With the release of eDirectory 8.8 and higher we got a really cool feature, multi-instance support. This allows us to very easily bring up several eDirectory instances on one server. For development and testing, this is amazingly powerful.

There are also some downsides to doing this. For one thing, the binaries in use are shared across all instances. That means all instances will be at the same revision of Security Services, eDirectory, and Identity Manager.

If you want to update the versions for one instance, then all instances will start to use the new binaries. This is sort of obvious but worth mentioning.

From a management side, Novell has done a really nice job of enabling most of the tools to support the multiple instances. For examples, here is a SLES 10 server with six eDirectory instances running, using ndsmanage:

acmeedir02:/etc/init.d # ndsmanage
Instances management utility for Novell eDirectory 8.8 SP 1 v2

The following are the instances configured by root:

[1] /home/root/edir/nds.conf : .ACMEEDIR02.SERVICES.ACME.ACME-EDIR. : : ACTIVE

[2] /home/root/edir-qc/nds.conf : .ACMEEDIR02-QC.SERVICES.ACME.ACME-QC. : : INACTIVE

[3] /home/root/edir-dev/nds.conf : .ACMEEDIR02-DEV.SERVICES.ACME.ACME-DEV. : : ACTIVE

[4] /home/root/edir-dev-auth/nds.conf : .ACMEEDIR02-DEV-AUTH.SERVICES.ACME.COM.ACME-DEV-AUTH. : : ACTIVE

[5] /home/root/edir-qc-auth/nds.conf : .ACMEEDIR02-QC-AUTH.ACME.COM.ACME-QC-AUTH. : : INACTIVE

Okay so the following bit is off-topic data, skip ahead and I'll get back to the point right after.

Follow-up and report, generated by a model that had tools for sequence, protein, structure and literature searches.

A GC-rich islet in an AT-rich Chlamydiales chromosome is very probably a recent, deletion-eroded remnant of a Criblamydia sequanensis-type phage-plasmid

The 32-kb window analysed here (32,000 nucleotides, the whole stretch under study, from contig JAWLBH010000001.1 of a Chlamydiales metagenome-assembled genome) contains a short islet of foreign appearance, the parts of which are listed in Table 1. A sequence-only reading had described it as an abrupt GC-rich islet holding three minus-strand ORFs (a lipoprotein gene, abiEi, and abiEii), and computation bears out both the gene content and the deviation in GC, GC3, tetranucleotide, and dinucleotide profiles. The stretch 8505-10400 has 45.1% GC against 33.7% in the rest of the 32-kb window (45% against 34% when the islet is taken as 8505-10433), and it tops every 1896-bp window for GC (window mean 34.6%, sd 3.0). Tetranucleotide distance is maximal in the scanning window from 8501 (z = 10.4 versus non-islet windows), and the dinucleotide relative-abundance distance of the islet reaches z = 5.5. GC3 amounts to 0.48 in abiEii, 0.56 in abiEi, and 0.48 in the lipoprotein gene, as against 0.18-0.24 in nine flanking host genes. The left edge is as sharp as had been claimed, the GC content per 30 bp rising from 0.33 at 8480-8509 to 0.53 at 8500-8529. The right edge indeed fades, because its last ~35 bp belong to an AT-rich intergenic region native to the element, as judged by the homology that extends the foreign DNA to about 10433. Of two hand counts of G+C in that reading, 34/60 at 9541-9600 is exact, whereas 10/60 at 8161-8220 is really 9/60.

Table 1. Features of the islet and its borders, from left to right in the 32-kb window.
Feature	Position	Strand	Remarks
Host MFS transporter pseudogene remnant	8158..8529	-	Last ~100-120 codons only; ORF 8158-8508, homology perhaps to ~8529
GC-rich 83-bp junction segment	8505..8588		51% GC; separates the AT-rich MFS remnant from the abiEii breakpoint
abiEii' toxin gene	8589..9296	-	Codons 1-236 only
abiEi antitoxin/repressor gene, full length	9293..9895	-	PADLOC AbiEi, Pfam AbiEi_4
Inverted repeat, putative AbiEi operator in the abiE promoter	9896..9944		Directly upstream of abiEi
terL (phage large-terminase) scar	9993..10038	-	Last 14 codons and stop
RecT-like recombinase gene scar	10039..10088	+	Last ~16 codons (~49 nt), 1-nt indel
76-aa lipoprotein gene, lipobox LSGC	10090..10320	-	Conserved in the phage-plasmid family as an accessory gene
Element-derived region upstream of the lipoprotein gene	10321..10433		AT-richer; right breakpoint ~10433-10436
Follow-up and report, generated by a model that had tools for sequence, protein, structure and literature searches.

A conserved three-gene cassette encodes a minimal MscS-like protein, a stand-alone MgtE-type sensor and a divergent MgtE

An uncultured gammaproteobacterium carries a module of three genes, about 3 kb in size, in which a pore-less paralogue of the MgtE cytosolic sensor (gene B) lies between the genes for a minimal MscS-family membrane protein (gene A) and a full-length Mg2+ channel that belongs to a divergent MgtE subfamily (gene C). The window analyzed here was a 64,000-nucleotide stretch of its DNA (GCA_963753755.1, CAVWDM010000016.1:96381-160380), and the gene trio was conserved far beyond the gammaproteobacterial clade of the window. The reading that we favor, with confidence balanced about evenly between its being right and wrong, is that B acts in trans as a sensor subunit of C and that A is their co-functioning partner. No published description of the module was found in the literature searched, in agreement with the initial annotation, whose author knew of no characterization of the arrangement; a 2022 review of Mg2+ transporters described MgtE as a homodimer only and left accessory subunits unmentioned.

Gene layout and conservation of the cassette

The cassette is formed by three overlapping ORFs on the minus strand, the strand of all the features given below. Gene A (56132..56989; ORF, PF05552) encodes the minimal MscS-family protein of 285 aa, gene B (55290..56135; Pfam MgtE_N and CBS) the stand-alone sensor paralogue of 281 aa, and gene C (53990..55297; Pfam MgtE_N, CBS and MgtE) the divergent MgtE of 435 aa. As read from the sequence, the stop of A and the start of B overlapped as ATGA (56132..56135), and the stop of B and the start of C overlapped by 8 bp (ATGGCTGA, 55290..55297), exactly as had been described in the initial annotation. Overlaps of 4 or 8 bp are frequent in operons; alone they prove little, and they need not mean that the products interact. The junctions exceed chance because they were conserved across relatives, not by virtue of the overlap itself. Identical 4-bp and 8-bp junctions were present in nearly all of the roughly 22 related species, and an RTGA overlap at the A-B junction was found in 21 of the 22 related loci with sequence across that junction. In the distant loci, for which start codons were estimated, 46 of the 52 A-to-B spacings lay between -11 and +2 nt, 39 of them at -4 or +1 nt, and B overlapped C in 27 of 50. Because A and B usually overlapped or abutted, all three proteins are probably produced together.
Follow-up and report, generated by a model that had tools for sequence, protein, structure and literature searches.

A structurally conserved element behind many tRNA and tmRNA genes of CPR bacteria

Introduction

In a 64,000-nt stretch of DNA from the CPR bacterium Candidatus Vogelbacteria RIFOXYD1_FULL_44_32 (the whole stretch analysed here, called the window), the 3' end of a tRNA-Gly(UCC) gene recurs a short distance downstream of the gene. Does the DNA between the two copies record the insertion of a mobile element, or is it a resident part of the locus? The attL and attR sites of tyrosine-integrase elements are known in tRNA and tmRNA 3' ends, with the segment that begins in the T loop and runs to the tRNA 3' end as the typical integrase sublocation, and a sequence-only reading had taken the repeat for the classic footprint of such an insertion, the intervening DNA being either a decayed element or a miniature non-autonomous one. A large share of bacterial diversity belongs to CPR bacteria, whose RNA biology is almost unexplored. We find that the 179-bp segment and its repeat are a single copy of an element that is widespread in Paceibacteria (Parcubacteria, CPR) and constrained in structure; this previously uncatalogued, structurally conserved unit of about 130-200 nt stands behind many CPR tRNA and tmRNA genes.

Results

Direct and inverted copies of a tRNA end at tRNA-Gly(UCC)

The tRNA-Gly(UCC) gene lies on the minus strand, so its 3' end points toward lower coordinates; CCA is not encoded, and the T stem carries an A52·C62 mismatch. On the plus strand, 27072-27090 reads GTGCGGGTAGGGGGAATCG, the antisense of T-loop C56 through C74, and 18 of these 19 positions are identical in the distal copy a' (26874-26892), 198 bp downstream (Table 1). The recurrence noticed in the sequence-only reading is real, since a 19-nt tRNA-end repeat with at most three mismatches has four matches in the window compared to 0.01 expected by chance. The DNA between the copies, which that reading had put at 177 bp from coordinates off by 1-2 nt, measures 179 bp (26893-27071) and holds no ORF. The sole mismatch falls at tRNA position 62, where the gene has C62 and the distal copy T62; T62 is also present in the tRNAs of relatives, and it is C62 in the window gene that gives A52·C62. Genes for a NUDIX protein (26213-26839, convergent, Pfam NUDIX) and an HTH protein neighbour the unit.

[6] /home/root/edir-auth/nds.conf : .ACMEEDIR02-AUTH.ACME.COM.ACME-AUTH. : : INACTIVE

Enter [r] to refresh list, [1 - 6] for more options, [c] for creating a new instance or [q] to quit:

You get to select the instance you want to work on and then go back and work on another instance.

NDSRepair, the next obvious tool of concern, does much the same. Here is a timecheck with ndsrepair -T. Note how it asks you to select an instance to work on:

acmeedir02:/etc/init.d # ndsrepair -T

[1] Instance at /home/root/edir/nds.conf:  acmeedir02.OU=services.O=acme.ACME-EDIR

[2] Instance at /home/root/edir-qc/nds.conf:  acmeedir02-qc.OU=services.O=acme.ACME-QC

[3] Instance at /home/root/edir-dev/nds.conf:  acmeedir02-dev.OU=services.O=acme.ACME-DEV

[4] Instance at /home/root/edir-dev-auth/nds.conf:  acmeedir02-dev-auth.OU=Services.O=acme.dc=com.ACME-DEV-AUTH

[5] Instance at /home/root/edir-qc-auth/nds.conf:  acmeedir02-qc-auth.O=acme.dc=com.ACME-QC-AUTH

[6] Instance at /home/root/edir-auth/nds.conf:  acmeedir02-auth.O=acme.dc=com.ACME-AUTH
Select the instance you want to operate on: [ 1 - 6 ] or 'q' to quit:

One important tip is to remember to set up a new IP address for each eDirectory instance and bind the instance to that IP only. This way, port 389 and 636 for LDAP, 8028 and 8030 for httpstk, and 524 for NCP are all available and separated by IP address.

One serious consequence of running multiple instances is changing things that are normally global. For example, the amount of Java memory heap for IDM is usually set globally as an environment variable, DHOST_JVM_MAX_HEAP with a value of -Xmx512M to set it to 512 Megabytes of cache. In a six-instance server as shown above, that is 3GB of space potentially gone. So setting it globally is probably not an option.

Generally this would be set in /etc/init.d/pre_ndsd_start to set DHOST_JVM_MAX_HEAP to some value globally for all instances. That would look something like this:


Nice and simple. With multiple instances where you want to maintain different values per instance, it will be more complex. You would probably want something that looks more like this: